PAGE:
The initial concepts of facial reconstruction were proposed by Gonzales-Ulloa[4] in 1956, who emphasized the need to put an end to the “age of skin-patch surgery” and proposed a method of selective regional restoration by means of “aesthetic units.” This method consists of making cutaneous grafts of the same size, shape, and thickness as the whole region on which the repair is done.[4] Later, in 1981, Millard proposed concepts of facial reconstruction based on facial features, including the three basic layers: cover, frame, and lining.[5] In 1985, Burget and Menick[5] established the initial concepts of aesthetic subunits in nasal reconstruction. Since then, these concepts have been considered as an important step in preoperative planning.[6]

The facial subunit principle organizes the facial skin into subunits that are grouped by skin color, texture, thickness, quantity of subcutaneous fat, mobility, and hair distribution.[7] Each subunit affects the aesthetic of surrounding units.[3] The face is typically divided into six units: forehead, eye and eyebrow, nose, lips, cheek, and chin. Some of them, such as the nose and the auricles of the ear, are subdivided further based on their anatomic complexity.[7] For example, the nose is composed of the back, tip, columella, paired wings, lateral walls, and soft triangles.[8]

The facial reconstruction based on aesthetic subunits consists of replacing the whole subunit, instead of simply patching the defect, when a large part of a subunit has been removed.[8] It also allows the placement of incisions along the edges of the aesthetic subunits, minimizing scars.[6] For better results, a flap should be designed within the limits of the cosmetic facial unit in which the primary defect is located, and the incisions need to be arranged along the borders of the units, without crossing them.[7] It should also be noted that the best results are obtained with the reconstruction of complete cosmetic units, even though the defective area is smaller than the whole unit.[7] For example, if the defect involves greater than 50% of the subunit, it is better to perform the resection of the whole subunit, in order to achieve better aesthetic outcomes by camouflaging the incisions at the border of the aesthetic subunits.[2]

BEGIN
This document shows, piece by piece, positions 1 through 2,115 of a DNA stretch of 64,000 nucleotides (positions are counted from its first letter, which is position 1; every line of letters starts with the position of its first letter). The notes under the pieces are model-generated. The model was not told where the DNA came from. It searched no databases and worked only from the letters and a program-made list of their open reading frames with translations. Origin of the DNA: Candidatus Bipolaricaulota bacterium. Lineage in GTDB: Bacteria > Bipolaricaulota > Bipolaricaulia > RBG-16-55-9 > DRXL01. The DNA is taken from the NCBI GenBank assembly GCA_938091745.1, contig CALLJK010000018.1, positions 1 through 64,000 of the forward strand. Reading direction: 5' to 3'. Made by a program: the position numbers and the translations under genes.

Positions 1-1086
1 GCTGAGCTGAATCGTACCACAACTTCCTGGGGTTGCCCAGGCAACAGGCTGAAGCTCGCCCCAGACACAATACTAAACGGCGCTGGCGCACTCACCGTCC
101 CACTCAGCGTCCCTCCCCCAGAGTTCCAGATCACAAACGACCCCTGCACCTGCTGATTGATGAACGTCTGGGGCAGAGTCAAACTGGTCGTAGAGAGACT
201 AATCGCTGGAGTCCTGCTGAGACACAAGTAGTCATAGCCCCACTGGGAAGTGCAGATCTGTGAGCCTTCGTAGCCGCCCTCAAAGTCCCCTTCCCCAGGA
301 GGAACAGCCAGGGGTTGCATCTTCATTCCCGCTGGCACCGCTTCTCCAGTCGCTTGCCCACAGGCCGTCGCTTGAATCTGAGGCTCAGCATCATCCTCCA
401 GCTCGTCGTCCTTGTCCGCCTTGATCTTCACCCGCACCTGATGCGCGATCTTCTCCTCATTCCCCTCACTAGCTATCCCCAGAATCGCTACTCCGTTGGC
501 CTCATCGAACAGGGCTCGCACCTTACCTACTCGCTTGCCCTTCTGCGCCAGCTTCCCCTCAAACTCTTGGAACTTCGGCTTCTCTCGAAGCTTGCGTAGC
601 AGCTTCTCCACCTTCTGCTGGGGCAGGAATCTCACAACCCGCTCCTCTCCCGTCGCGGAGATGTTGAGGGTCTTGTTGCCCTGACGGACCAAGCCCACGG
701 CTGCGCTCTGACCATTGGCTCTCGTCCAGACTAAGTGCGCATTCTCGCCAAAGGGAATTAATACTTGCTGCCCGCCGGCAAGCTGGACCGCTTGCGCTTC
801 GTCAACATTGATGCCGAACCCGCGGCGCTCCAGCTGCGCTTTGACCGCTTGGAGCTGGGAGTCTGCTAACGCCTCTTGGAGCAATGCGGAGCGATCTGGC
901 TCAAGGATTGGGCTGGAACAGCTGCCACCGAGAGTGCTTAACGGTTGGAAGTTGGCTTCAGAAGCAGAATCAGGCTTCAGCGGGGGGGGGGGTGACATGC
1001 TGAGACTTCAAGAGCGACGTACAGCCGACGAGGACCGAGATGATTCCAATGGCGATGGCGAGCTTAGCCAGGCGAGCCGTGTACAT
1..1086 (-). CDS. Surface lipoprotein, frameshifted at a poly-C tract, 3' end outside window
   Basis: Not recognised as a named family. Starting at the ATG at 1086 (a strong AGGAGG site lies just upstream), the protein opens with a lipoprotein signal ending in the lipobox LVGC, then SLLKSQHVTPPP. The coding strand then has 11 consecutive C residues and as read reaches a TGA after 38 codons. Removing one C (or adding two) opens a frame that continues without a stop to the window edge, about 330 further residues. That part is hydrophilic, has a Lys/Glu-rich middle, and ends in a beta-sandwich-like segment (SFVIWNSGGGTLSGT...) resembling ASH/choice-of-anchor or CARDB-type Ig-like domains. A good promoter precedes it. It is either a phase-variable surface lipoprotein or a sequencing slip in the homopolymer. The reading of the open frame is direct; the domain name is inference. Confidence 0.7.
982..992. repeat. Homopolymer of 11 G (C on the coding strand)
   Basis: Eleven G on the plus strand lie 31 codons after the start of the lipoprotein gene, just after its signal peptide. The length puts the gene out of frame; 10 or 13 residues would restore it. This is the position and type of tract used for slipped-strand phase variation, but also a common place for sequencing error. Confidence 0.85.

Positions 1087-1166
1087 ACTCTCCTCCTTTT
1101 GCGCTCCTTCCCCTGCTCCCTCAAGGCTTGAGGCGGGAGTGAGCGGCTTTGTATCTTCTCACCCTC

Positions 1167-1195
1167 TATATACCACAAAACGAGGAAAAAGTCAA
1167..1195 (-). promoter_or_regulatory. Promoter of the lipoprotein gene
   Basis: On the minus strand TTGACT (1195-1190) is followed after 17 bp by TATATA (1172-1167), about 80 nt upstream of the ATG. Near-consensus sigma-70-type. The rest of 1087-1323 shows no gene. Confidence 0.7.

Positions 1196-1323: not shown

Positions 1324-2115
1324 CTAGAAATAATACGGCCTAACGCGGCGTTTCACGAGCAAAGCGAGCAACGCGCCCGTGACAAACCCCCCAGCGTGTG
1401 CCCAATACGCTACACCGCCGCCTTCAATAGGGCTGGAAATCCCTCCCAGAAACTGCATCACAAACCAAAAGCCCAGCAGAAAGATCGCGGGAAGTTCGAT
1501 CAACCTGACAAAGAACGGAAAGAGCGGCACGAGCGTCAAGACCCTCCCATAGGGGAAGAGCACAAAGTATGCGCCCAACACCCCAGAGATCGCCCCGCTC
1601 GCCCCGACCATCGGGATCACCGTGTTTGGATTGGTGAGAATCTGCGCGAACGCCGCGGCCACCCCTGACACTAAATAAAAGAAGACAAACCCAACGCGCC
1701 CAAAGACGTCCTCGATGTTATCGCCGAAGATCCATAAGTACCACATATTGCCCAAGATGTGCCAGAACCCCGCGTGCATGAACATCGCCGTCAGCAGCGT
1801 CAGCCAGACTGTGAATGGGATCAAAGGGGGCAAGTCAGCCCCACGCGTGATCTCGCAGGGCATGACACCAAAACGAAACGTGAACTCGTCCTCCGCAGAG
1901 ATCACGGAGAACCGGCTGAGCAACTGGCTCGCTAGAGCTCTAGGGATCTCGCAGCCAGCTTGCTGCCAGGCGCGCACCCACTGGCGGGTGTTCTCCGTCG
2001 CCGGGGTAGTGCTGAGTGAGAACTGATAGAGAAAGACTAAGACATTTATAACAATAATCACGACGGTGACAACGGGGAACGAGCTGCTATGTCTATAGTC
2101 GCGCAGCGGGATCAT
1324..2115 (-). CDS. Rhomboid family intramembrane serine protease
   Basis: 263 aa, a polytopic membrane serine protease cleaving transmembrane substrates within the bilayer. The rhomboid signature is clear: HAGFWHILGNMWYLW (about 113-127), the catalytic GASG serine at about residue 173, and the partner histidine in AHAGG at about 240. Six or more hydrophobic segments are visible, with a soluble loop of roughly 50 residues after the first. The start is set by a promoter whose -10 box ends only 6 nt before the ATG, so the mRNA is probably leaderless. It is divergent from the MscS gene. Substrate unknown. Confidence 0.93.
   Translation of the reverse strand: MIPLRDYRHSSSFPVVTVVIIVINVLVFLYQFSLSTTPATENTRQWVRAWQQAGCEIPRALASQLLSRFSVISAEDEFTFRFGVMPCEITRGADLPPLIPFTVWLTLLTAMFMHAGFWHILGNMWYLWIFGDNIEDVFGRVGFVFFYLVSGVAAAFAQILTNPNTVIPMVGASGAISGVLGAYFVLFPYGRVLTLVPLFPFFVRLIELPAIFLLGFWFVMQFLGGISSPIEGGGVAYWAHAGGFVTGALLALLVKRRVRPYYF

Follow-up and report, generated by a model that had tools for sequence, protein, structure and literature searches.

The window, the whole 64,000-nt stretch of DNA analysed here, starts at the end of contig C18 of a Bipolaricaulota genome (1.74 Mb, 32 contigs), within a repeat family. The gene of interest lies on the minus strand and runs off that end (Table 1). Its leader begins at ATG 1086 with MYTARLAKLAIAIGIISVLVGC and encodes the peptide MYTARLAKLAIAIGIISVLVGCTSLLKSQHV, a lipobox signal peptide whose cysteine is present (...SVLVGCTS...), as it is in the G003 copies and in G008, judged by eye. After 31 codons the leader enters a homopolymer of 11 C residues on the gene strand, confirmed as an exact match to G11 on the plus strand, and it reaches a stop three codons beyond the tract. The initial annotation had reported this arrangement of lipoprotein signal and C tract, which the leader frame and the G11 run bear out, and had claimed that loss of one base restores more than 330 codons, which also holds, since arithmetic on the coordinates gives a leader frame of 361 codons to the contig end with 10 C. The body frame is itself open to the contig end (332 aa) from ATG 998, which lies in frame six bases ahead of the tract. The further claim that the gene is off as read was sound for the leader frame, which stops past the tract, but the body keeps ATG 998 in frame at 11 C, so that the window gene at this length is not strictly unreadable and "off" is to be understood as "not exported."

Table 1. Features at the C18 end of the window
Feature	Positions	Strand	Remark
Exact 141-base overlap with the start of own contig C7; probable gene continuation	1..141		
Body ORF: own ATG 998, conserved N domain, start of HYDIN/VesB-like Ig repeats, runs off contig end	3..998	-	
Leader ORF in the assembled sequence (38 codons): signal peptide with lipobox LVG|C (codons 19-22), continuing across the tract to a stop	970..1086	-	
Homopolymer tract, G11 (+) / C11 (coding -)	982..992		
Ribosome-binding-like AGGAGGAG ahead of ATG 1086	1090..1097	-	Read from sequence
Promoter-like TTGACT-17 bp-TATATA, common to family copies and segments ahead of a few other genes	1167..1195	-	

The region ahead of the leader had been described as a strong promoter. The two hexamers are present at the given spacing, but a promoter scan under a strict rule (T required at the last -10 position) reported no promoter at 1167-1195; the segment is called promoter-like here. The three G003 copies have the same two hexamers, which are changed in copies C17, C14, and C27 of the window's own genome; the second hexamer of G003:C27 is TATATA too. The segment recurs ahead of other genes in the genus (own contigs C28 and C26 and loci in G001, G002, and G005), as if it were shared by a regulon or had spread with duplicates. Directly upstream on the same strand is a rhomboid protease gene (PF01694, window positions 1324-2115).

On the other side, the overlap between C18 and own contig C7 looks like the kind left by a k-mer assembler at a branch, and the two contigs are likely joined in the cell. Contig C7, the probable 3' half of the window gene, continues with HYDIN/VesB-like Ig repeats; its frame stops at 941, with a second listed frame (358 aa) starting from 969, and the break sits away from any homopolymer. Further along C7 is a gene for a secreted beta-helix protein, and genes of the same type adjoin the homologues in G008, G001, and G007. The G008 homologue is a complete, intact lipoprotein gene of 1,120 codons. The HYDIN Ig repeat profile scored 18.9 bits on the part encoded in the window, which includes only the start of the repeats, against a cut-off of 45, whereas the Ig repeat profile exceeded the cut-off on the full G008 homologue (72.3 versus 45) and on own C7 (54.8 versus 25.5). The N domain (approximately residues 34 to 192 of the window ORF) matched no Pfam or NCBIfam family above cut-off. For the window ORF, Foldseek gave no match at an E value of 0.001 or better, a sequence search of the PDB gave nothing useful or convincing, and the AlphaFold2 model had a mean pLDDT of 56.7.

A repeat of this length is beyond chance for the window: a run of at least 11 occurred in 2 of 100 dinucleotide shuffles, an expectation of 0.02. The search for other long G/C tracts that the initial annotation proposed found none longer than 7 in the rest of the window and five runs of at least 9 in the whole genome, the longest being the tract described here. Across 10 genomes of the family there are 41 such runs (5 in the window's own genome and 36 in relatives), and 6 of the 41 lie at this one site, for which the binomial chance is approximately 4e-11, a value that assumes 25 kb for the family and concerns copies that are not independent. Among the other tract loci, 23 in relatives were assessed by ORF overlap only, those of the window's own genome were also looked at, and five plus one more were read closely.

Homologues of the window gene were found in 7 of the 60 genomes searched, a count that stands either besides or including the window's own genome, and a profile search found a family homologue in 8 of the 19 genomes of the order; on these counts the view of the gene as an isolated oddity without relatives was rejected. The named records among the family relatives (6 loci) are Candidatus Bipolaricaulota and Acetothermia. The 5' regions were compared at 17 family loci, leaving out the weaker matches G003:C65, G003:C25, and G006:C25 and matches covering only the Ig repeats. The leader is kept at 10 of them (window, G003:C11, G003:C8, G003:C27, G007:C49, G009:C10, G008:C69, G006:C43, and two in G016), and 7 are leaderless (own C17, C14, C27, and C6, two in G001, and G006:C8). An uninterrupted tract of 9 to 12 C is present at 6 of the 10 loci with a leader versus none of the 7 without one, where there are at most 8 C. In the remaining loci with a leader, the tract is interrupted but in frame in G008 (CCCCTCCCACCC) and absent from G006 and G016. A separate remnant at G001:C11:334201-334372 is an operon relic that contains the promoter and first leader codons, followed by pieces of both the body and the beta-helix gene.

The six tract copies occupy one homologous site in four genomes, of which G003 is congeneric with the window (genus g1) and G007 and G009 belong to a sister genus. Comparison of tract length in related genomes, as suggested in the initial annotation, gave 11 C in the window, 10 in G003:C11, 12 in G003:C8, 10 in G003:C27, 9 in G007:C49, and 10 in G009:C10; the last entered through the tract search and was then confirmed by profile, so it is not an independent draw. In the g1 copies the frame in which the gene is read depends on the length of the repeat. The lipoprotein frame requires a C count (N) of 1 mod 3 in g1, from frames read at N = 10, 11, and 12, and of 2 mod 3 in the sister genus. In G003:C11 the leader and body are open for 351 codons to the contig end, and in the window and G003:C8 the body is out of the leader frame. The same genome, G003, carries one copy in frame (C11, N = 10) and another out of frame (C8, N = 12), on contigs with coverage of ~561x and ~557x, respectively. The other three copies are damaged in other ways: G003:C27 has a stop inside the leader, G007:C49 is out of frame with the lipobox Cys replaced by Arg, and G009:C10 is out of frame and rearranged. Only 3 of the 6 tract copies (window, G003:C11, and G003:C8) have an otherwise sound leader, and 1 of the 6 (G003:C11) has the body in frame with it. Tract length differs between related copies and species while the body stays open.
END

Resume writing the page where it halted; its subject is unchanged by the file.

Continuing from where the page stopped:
The aim of this study was to determine the prevalence of facial skin cancer (basal cell carcinoma, squamous cell carcinoma, and malignant melanoma), their location by facial aesthetic units, and the type of facial reconstruction used in each of them, as well as presenting cases where reconstruction based on aesthetic units was used.


   Materials and Methods Top


An observational cross-sectional study was conducted at the Head and Neck Surgery Service of a general hospital between 2017 and 2018, which attends patients who need specialized care as cancer management.

The study population consists of patients attended during the period of study with the diagnosis of skin cancer by the previous biopsy, who underwent surgery in the minor surgery room of the Head and Neck Surgery Service, and who attended their postoperative control. The patients included should have had their diagnosis confirmed by postoperative pathology. Patients with compromised edges in the pathological site of the skin and who did not attend their postoperative control where excluded from the study.

During the surgical procedure, once the lesion has been resected and the defect defined, two types of closure can be chosen. The first is the primary closure. The second is the closure based on aesthetic units, which consists of designing facial flaps that, according to the need, can rotate, advance, or interpolate, following the edges of the units or facial aesthetic units and subunits.